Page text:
Arguments for my replacement Bill of Rights: The second and third mandates of Congressional Power

The second and third mandates which grant Congress additional powers in my proposed replacement Bill of Rights are as follows:

2. Congress shall, by law, determine when the actions of an individual violate these rights of another and are therefore indicative of a deficit of reason.
3. Congress shall, by law, determine the consequences for such violations of rights up to and including temporary or permanent limitation or revocation of these rights

These mandates grant Congress wide authority to and responsibility for the creation of criminal laws and the various punishments for violations thereof.  The authority to and responsibility for the creation of criminal laws has formerly belonged to the states, with the intent that the various states can determine their own special requirements for justice and legislate to fulfill these needs.  Specifically, it was formerly necessary for states in which the institution of slavery was supported to have special laws regarding slaves.  For instance, in such states, it had to be considered whether the crime of murder needed to apply to cases in which the victim is a slave or if such should fall under some type of arson or destruction of property.  Presently, such considerations for slavery are no longer necessary and the differences between criminal laws among the various states are much smaller, consisting largely of special laws that punish people for not complying with state specific regulations.  For instance, a state in which water shortages are common, and the use of water is regulated, may have criminal laws regarding violations of those water use regulations.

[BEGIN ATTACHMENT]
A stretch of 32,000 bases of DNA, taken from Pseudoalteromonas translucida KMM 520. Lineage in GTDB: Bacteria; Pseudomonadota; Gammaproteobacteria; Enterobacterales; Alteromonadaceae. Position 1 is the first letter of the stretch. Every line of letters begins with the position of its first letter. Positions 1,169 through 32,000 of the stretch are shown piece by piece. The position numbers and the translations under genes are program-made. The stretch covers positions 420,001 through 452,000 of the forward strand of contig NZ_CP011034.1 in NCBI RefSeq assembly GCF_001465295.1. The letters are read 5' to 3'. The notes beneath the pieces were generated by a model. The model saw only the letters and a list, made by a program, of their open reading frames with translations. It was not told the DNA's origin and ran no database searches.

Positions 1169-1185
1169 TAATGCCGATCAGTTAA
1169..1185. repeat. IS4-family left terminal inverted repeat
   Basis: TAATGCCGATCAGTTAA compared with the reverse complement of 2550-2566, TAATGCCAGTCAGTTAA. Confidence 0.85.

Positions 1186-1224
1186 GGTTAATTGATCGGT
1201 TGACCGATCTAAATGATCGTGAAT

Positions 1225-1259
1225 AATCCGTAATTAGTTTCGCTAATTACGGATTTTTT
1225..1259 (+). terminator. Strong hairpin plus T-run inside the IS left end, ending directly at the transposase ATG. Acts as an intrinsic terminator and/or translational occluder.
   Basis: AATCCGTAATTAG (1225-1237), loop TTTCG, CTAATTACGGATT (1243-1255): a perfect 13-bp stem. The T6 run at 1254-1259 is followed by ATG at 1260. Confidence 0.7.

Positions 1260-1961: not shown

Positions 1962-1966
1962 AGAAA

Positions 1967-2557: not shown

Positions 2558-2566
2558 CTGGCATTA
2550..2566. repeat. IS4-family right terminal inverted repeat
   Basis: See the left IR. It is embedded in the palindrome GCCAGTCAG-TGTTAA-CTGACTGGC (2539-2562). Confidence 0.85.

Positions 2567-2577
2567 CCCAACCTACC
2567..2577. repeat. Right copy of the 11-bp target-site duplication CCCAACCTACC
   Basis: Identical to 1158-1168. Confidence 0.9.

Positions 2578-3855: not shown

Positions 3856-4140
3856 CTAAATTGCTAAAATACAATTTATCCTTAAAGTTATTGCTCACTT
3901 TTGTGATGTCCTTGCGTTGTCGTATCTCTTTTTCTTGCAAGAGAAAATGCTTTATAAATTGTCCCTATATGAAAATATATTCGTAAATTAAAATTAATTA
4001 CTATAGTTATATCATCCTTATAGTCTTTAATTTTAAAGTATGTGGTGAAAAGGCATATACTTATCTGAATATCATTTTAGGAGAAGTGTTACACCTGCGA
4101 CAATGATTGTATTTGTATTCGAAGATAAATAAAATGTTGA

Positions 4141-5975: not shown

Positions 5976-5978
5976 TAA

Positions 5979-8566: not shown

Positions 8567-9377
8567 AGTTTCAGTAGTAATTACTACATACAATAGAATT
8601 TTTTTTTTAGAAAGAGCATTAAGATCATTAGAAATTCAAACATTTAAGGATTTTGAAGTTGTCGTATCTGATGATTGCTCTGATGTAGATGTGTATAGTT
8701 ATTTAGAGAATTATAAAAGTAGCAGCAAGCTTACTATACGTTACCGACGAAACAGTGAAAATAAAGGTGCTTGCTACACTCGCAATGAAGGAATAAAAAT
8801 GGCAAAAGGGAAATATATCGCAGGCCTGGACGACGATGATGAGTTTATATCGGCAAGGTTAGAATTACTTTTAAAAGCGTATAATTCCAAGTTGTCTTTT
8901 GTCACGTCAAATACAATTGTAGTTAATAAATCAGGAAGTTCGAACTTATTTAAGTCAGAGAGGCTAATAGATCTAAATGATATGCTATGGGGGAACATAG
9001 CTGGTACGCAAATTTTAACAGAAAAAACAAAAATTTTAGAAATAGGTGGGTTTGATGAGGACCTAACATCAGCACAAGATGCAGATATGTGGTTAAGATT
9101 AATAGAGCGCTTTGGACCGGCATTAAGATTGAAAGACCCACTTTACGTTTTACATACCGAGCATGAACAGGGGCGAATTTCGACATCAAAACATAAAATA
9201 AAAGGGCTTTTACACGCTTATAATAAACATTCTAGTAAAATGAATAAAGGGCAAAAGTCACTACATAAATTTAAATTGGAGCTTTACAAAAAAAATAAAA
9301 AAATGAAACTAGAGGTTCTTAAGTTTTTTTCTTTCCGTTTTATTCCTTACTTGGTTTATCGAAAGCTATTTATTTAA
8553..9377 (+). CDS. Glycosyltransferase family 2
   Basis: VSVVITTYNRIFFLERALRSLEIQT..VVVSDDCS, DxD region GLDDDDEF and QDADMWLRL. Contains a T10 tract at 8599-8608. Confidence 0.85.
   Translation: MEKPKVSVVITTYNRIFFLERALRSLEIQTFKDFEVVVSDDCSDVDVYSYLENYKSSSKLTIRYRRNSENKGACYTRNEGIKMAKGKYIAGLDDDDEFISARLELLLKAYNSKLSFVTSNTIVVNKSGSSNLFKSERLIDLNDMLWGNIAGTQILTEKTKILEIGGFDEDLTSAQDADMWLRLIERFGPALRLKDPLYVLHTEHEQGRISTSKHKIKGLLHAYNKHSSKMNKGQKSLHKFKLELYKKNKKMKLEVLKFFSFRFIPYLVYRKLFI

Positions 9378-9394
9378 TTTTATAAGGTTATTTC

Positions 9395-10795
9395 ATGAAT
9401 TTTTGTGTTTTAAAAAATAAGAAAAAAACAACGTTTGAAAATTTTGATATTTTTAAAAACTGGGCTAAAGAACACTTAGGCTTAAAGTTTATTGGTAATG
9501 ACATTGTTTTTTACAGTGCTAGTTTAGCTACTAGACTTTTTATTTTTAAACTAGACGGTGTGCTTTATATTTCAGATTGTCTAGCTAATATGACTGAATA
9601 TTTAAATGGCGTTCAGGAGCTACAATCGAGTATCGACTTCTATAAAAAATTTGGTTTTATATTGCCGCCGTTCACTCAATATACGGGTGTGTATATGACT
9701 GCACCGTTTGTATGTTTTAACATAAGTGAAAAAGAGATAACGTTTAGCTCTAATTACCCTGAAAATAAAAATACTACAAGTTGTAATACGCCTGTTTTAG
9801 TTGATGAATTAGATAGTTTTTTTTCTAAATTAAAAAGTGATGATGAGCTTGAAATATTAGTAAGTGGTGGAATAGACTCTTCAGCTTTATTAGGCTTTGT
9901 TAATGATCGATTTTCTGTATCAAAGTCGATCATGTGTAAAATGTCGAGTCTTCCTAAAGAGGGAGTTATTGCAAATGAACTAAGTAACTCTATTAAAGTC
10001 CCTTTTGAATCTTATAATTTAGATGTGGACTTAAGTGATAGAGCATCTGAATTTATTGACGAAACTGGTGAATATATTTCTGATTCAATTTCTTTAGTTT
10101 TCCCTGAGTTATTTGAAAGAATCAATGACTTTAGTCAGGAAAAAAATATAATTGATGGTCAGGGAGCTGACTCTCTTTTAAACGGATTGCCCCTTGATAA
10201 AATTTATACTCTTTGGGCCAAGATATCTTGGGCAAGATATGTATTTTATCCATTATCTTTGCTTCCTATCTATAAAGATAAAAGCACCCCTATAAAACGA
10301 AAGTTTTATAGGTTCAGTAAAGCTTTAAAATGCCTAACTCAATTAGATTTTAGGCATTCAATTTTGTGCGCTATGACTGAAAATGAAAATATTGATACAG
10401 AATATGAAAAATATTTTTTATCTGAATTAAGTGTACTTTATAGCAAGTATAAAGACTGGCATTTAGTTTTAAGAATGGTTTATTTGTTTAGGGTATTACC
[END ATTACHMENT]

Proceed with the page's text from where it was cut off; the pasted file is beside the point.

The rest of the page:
Normal criminal laws such as laws against murder, assault, theft, fraud, rape, and arson all involve direct violations of one or more of the rights to life, liberty, and pursuit of happiness, and as such will be the responsibility of Congress under this proposal.  Since the abolishment of the institution of slavery, it is no longer necessary for any of those laws to differ among states.  Murder is muder and should be treated the same in Oregon as it is in Georgia, as it is in all other states.  Giving the responsibility for criminal law to the federal government in combination with the proposed rights and limitations on the powers of congress ensures that issues in criminal edge cases can be appealed to and decided in the highest court with full consideration for individual rights.  This federalization of criminal law will require significant changes in judicial structure, as the federal courts will have to try many more cases than before.  The laws that Congress will need to make to create the necessary judicial structure are already authorized by the constitution in the original articles.  The responsibility for punishing many more criminals will also fall upon the federal government as a result of this proposal, and as such many prisons will need to be purchased from the states by the federal goverment.

State specific crimes, involving violations of state specific regulations do not directly involve a violation of any of the rights to life, liberty, or pursuit of happiness, and as such will remain the responsibility of the states.  These regulations are usually designed to prevent unwitting violations of the rights of others.  For instance, a state that regulates water usage ostensibly does so because if the use of water is left unregulated then individuals that use too much of the water may unwittingly violate the right to life of others and themselves by denying them access to water when the water runs out.  Another example would be a state that regulates driving speeds in residential neighborhoods because a driver that is going too fast would not be able to decelerate their vehicle in time to avoid hitting unexpected pedestrians and thus would unwittingly violate the pedestrian’s right to life.  These state regulations and the punishments for violating them can and should remain the responsibility of the states. However, the existence of such regulations may be made challengeable on constitutional grounds if they do not by some clear and provable chain of reasoning prevent an unwitting violation of the fundamental rights of others.


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